Clearly, the largest “pool” of insureds would be the entire population of the country – that’s more than 323.1 million of us. Since that is all of us, this also represents the “healthiest” pool one could put together. Does that mean it must be “single payer” healthcare? Not necessarily. It does mean we all participate.
We could have a national Medicare program from which all citizens purchase health care. In recent years, Medicare Advantage plans have shown that people can have choice within a government health insurance program that allows them to select the levels of insurance they want, at prices they are willing to pay, with pre-existing conditions and wellness benefits covered, from companies competing for their business.
This is where the screams of “Social Security is going broke!” start. First, when he was President, Reagan in 1982 raised payroll taxes in anticipation of Social Security’s greater needs due to the impending retirement of Baby Boomers. For years, Social Security ran surpluses in taxes collected versus dollars spent. By law, those surpluses must be converted into interest-accruing bonds which the government then borrows and must pay back by a certain deadline. (In the case of monies borrowed by Bush to fund tax cuts for the wealthy and the war in Iraq – some $708 billion according to Politifact – those interest payments are due in 2020. However, these types of bonds are not earmarked for specific types of government spending. The $1.37 trillion attributed to Bush also includes monies used for the financial bailout in 2008. All presidents going back to Roosevelt have “borrowed” from Social Security at some point, this Politifact article suggests. All information in this paragraph and the one that follows comes from an August 3, 2015 article by Linda Qui. )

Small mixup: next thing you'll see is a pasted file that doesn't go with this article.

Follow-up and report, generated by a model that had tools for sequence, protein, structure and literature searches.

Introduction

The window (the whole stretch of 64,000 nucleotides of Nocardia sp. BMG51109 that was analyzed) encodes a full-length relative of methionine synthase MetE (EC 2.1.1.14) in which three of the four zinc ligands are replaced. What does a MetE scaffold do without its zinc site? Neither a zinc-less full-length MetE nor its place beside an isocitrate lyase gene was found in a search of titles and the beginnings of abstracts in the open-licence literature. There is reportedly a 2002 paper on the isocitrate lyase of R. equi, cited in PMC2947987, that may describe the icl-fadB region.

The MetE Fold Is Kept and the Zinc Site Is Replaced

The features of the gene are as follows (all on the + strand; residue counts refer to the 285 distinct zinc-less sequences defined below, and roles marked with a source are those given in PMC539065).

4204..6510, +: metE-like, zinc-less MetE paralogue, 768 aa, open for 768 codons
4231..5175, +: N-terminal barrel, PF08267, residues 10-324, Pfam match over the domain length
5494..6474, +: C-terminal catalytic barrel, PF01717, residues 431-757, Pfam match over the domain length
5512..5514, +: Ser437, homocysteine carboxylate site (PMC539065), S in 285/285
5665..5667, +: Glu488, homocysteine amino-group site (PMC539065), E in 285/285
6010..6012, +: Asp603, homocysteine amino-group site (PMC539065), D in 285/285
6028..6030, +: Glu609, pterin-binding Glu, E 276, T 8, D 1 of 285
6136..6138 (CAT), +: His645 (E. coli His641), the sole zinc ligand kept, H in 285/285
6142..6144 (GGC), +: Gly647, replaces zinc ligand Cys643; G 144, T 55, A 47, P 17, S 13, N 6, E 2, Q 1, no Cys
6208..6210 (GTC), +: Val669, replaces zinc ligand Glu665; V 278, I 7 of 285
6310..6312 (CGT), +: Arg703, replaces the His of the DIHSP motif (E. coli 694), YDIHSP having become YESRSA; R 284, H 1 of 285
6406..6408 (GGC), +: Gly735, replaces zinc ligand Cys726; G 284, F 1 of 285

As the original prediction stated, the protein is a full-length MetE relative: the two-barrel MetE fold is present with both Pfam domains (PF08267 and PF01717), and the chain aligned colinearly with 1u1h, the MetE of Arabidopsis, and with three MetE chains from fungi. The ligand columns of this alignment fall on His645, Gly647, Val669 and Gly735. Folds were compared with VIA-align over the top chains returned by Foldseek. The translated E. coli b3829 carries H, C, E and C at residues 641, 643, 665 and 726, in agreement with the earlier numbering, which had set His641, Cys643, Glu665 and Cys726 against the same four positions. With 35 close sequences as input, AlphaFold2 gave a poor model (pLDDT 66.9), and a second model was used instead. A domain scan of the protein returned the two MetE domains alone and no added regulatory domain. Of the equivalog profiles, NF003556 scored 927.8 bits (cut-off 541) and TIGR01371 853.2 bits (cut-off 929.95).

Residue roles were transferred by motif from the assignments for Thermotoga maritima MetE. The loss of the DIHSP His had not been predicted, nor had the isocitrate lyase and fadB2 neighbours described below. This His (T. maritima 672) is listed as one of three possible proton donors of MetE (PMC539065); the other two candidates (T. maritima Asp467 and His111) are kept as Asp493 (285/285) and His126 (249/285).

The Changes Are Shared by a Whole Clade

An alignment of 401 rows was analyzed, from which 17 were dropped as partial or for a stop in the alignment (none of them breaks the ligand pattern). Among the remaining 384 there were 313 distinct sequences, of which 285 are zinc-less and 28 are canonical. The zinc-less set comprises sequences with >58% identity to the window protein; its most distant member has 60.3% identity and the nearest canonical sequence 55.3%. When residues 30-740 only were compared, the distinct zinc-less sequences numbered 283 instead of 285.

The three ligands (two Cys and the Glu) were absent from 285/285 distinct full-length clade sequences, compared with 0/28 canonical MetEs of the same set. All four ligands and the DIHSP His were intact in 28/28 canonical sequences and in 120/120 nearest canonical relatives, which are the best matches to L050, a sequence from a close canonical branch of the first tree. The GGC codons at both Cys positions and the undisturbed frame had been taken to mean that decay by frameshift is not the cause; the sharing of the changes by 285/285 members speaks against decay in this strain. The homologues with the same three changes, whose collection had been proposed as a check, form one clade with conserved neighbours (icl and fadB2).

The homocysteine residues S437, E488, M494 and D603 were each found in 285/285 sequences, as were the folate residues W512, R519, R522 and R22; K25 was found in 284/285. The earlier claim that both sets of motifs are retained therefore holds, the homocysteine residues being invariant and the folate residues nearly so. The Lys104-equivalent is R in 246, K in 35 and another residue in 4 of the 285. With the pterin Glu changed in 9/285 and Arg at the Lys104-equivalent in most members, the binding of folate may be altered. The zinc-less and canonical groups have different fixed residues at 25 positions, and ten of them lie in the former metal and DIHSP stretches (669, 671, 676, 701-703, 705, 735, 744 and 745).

So, the bonds have to be re-payed. This will likely come in higher taxes by 2020 that – unless Ryan gets his dream of a very streamlined, reduced tax system that disproportionately benefits the rich – will come mostly from the wealthy who benefitted from Bush’s tax era cuts. (If I have explained this incorrectly, somebody speak up and correct me. Linda Qui, are you there?)
All of this is what makes it so hard to vote and know who to vote for – it’s complicated. Which is why it’s stupid, in my humble opinion, to vote for anyone who does not have policies that are fully developed on the key issues that impact our lives. This includes costing them out and showing how they will be paid for.
Am I really calling for single payer? If it can be made to make economic sense, then why not? That is what the GOP is allegedly looking for – economic sense. And the Dems are looking for “universal” coverage.
But allowing everyone to buy into Medicare – yes, that I am definitely saying deserves a look before we make a decision on what healthcare looks like going forward.
Tying the entire population to some type of insurance structure modeled on the Medicare Advantage system makes sense to me. So far I have seen no proposals that have ever fleshed this option out. And until we do run those numbers, we have not solved the problem of healthcare in America, no matter how Congress votes by September 30.